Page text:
How to Run a Comparative Wine Tasting

Comparative Wine Tasting. Magalie L'Abbé / Moment / Getty Images

A comparative wine tasting delivers an educational, side-by-side walk through a series of wines. This system of tasting wines together allows people to see, smell, taste and discern the key components that ultimately determine a wine's overall flavor and style.

Materials Needed for a Comparative Tasting

  • 3 wine glasses per person
  • 6 wines - 3 chilled whites, 3 reds (ranging from light, medium to full-bodied)
  • White 8x11 sheets of paper for tasting background
  • Corkscrew
  • Dump bucket

How to Run a Comparative Wine Tasting

The set up: In this style of tasting, start by pouring all three well-chilled white wines into three wine glasses for each participant. Shoot for about 1.5 ounces of wine in each glass. Typically, you can get 12-13 participants per bottle of wine if you keep consistent pours. Make sure to pour the wines from lightest body to fullest body. Alcohol levels can often give insight into whether a wine is lighter or fuller-bodied, with lighter alcohol levels often indicating a lighter-bodied wine. One caveat, residual sugar in a wine (like a Riesling) can add the feel of body to a wine.

Look, Smell, Taste: Next, evaluate each wine individually by observing the unique color components, aromas, and flavors. Take a moment to compare and contrast shades, is the Riesling or Sauvignon Blanc darker or lighter than the Chardonnay? Are the aromatics leaning into sweeter fruits, florals, or buttery notes? What about flavors. Do the wines taste like they smell? By the end of the white wine evaluations, take a moment to have someone switch the wines around, without watching yourself, and see if you can identify the wines by color first, then smell and then by taste. Once you've run through the white wine trio, turn your attention to the three red wines and run through a similar assessment. Are the colors of the reds more ruby (shows some bluish notes) , garnet (shows some browner specks) or full on inky purple? What about smells? Fruits or flowers? Does any particular spice come through on the nose? Vanilla or cedar nuances from the oak? What does it taste like? Are the tannins firm or fairly subtle?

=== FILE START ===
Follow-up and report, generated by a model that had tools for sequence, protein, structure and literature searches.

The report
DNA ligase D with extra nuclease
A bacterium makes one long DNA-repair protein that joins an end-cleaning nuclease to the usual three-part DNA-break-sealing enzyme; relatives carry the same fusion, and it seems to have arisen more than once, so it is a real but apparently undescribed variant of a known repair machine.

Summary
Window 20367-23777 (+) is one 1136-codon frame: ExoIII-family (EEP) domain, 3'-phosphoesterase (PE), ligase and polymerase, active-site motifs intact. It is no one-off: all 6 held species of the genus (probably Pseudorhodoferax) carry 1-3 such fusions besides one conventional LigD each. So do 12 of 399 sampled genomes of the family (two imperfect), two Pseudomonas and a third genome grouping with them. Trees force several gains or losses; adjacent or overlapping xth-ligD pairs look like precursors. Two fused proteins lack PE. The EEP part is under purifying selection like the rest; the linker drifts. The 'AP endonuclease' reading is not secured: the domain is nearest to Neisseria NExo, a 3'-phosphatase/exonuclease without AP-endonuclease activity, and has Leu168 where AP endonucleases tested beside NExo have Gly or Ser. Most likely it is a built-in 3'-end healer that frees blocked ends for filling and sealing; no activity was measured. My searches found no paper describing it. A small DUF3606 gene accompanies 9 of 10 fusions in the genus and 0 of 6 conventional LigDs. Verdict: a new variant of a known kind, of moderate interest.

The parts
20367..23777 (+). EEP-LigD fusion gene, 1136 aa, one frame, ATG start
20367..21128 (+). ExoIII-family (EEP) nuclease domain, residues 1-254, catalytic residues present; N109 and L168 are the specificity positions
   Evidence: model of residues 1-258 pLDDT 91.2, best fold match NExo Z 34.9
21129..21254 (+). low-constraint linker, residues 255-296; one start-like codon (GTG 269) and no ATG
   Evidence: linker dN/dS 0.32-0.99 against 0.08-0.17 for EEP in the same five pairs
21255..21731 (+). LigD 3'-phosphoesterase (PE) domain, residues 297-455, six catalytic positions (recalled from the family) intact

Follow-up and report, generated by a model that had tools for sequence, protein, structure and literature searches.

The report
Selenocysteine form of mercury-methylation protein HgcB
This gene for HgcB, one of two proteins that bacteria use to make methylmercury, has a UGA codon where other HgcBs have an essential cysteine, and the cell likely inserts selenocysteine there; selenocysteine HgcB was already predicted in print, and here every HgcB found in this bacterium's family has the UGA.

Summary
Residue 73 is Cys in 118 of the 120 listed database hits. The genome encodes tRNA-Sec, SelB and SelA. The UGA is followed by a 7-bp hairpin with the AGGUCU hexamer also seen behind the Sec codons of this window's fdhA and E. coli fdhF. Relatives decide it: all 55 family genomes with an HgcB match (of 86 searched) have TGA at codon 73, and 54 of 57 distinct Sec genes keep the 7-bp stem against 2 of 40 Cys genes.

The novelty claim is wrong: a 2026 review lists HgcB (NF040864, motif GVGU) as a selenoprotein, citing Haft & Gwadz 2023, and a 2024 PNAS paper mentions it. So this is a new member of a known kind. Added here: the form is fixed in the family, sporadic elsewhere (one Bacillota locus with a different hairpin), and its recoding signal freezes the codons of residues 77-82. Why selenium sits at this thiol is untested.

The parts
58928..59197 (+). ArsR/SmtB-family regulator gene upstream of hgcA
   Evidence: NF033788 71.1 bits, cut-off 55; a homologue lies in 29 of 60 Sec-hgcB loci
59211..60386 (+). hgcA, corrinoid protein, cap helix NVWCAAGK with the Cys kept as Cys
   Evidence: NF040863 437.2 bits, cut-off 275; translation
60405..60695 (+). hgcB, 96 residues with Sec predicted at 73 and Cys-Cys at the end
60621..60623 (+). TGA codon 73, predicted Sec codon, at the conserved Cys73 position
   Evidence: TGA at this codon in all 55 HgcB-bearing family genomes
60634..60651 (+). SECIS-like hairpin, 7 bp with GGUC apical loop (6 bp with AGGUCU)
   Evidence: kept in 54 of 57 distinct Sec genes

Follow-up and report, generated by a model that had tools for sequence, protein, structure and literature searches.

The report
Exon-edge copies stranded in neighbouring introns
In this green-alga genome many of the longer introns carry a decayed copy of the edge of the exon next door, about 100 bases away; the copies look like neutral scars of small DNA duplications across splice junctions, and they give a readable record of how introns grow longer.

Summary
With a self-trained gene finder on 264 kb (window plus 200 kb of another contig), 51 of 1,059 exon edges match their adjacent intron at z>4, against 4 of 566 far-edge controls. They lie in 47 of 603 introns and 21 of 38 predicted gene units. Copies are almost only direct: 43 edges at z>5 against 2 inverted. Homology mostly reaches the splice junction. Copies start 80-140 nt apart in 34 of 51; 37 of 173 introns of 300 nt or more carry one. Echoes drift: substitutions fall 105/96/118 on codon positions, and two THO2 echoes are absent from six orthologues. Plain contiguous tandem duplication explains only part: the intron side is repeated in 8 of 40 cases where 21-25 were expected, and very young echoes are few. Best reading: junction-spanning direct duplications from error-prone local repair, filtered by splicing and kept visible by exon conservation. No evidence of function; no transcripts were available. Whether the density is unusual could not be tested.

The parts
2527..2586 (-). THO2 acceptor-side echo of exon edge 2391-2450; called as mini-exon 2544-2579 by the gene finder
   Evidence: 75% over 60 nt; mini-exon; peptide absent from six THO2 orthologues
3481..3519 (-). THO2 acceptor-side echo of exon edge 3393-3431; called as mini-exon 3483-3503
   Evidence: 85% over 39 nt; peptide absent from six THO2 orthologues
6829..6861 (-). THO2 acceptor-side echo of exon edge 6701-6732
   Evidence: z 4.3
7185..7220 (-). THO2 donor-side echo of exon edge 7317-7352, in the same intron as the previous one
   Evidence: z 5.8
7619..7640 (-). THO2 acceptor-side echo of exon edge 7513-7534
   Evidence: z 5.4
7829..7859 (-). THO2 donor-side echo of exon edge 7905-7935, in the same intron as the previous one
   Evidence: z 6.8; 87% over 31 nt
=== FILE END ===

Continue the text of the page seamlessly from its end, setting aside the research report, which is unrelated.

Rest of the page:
Once you've become familiar with the reds, partner up and switch them around. Can you still figure out which wine is which? Did certain wines stand out as favorites? Why?

*If participants drink all of the wine you pour they will have 2 full glasses or the equivalent of nine ounces of wine on board. Keep dump buckets handy, to keep tasters tasting without becoming tipsy.

Best Wines for a Comparative Tasting

White Wine Picks: Riesling, Sauvignon Blanc, and Chardonnay are three noble white wine grapes that make for an excellent comparative tasting format. With unique palate profiles, distinct aromatics and noticeable flavor differences, all three of these wines present themselves well in a side-by-side format.

Red Wine Picks: Pinot Noir is a top pick for the typically, lighter bodied red with silky tannins and fresh, engaging aromatics. Merlot or Cabernet Sauvignon are also top picks for the medium to fuller-bodied wine styles. Shiraz and Syrah or Zinfandel also show well for fuller-bodied wines with plenty of fruit character. 

The Wrap Up

By the end of a successful comparative tasting, most people will be able to pick out which wines they preferred and have some sense of why they lean towards a particular wine profile.

Learn More

Find out which white wines work well for a comparative tasting here.

Need some specific red wine candidates for your comparative wine tasting? Check them out here.